BOSTON (AP) Citing what he called a “complete communications breakdown” within the state transportation department, Massachusetts Transportation Secretary Jeffrey Mullan announced March 25 that he had accepted the resignation of a top highway official who failed to inform him for weeks about a corroded 110-pound light fixture that fell inside a Big Dig tunnel.
Frank Tramontozzi stepped down from his position as acting highway administrator, a title he had held since March 2, as well as from the position of chief engineer.
“He [Tramontozzi] was informed early on in the investigation that there was an issue with the lights and he failed to report that to me,” Mullan told reporters following a regularly-scheduled meeting of Gov. Deval Patrick’s cabinet at the Statehouse.
The department also released an investigative report that included an email from a highway official warning that corrosion in the lighting fixtures was a “big deal” and that some were not safe.
Mullan, who also has been under fire for failing to promptly tell Patrick about the incident, declined to say whether he had considered offering his own resignation. But he said Patrick had expressed to him disappointment over how the matter had been handled.
“From top to bottom, we have mismanaged the internal and external communications around the failed light fixture. That falls on me. We should have done a better job and I should have done a better job,” Mullan said.
The $15 billion Big Dig, the nation’s costliest urban highway project, was plagued by design flaws and leaks. In July 2006, several 4,600-pound ceiling panels in another portion of the tunnel system broke free, crushing a passing car and killing 38-year-old Milena del Valle of Boston.
The light fixture crashed to the roadway in the Thomas P. Tip O’Neill Tunnel on Feb. 8. No vehicles were hit and no one was injured.
The timeline of who knew what about the incident and when top state officials were told has slowly evolved since Mullan first disclosed the incident at a March 16 news conference.
On March 25, Mullan said he first learned of an issue in the tunnel by email March 1, but it made no reference to the falling light.
Mullan learned about the fixture one week later during a regularly-scheduled staff briefing, he said. By then, an inspection of the approximately 23,000 other light fixtures in the tunnel was already well under way, he added.
Patrick, who was in England on an overseas trade mission, was told about the incident March 15, one day before the news conference. Mullan has said he should have told Patrick sooner.
“I have expressed to the secretary that a communication breakdown like this cannot happen again,” Patrick said in a statement after Mullan’s announcement. The governor added that Mullan had “taken the appropriate steps to clear the record and hold those responsible accountable.”
Tramontozzi was not the acting highway administrator at the time of Feb. 8 incident. The position was then held by Luisa Paiewonsky, who left the agency a few weeks later for personal reasons. Her departure had been planned in advance and was unrelated to the recent controversy, an agency spokesman said.
When Tramontozzi was questioned about the incident, he told investigators that he did not learn about the falling light fixture until Feb. 25, more than two weeks after the incident, according to a report by the department’s deputy general counsel and released Friday. Helmut Ernst, a district highway supervisor, told investigators he informed Tramontozzi in a telephone call Feb. 9, and that during the call Tramontozzi asked if it was feasible to replace all the light fixtures.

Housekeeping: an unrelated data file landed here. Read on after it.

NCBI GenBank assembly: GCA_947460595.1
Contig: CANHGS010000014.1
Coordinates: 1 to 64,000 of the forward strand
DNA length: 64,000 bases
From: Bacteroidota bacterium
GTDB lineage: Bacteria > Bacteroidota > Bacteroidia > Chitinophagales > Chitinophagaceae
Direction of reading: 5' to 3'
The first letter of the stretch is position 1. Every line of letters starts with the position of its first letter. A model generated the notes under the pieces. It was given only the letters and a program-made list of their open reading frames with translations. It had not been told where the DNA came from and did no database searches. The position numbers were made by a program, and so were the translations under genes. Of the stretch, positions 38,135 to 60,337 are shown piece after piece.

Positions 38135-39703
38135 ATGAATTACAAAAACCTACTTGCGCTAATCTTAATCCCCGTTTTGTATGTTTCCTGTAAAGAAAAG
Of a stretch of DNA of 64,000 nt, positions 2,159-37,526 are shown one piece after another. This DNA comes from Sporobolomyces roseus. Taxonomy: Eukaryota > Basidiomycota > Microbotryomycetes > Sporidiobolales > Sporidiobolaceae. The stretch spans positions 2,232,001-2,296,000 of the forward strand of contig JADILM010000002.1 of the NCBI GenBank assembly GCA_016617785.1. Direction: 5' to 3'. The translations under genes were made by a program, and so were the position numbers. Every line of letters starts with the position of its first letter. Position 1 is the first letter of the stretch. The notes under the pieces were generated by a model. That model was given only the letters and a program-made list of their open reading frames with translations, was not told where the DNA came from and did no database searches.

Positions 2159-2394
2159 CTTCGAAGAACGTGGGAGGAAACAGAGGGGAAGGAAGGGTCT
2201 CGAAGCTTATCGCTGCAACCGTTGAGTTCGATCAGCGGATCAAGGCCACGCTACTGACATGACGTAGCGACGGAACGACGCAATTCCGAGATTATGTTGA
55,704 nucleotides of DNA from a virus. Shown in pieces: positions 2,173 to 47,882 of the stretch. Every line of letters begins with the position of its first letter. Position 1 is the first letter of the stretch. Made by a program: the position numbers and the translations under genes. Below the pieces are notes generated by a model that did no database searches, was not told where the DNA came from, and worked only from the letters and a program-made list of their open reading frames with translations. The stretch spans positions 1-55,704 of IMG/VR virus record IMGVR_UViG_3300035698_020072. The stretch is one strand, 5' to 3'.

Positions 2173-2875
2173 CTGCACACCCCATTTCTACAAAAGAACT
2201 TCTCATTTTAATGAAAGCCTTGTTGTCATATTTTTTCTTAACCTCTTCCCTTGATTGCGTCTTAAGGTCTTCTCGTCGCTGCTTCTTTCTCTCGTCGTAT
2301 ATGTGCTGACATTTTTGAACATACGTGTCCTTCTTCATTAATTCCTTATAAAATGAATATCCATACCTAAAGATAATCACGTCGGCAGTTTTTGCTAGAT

Ernst’s account was corroborated by two other highway employees who told interviewers they were with Ernst in his office during the call.
Tramontozzi, who could not immediately be reached for comment, will be replaced by Frank DePaola, who is currently the assistant general manager of design and construction for the MBTA.
The report also included a March 1 email Ernst sent to the department’s legislative liaison warning that the problems with the lighting fixtures were a “big deal.” He wrote that of the 8,000 light fixtures inspected to that point, five percent had shown “advanced deterioration to the point they are no longer safe.”
Ernst wrote that engineers were resetting clips to less corroded areas of the fixtures as a temporary fix and estimated that replacing all of the fixtures would cost $200 million.
The email was forwarded to Mullan on March 1 by Joseph Landolphi, a public relations aide, who asked: “Were you briefed on this? It’s potentially a big deal.”
Mullan, in a reply dated March 5, said: “Not yet.”
Mullan indicated that the management changes occurring within the department at the time could have contributed to the communications failures.
“These facts, along with our highway administration’s failure to understand the magnitude of the incident, leads me to believe there has also been a clear lack of management oversight in our highway division that has led to an erosion in public confidence,” Mullan said.
All fixtures above traveled roadways have been inspected and the tunnels are safe, Mullan said.
Corrosion had been found on less than 2 percent of the total fixtures and those had been secured, though state and federal transportation officials were still investigating to determine a permanent solution.
In his statement, Patrick credited the department for “promptly and professionally” addressing problems with the light fixtures, and added that it was a blessing no one was injured.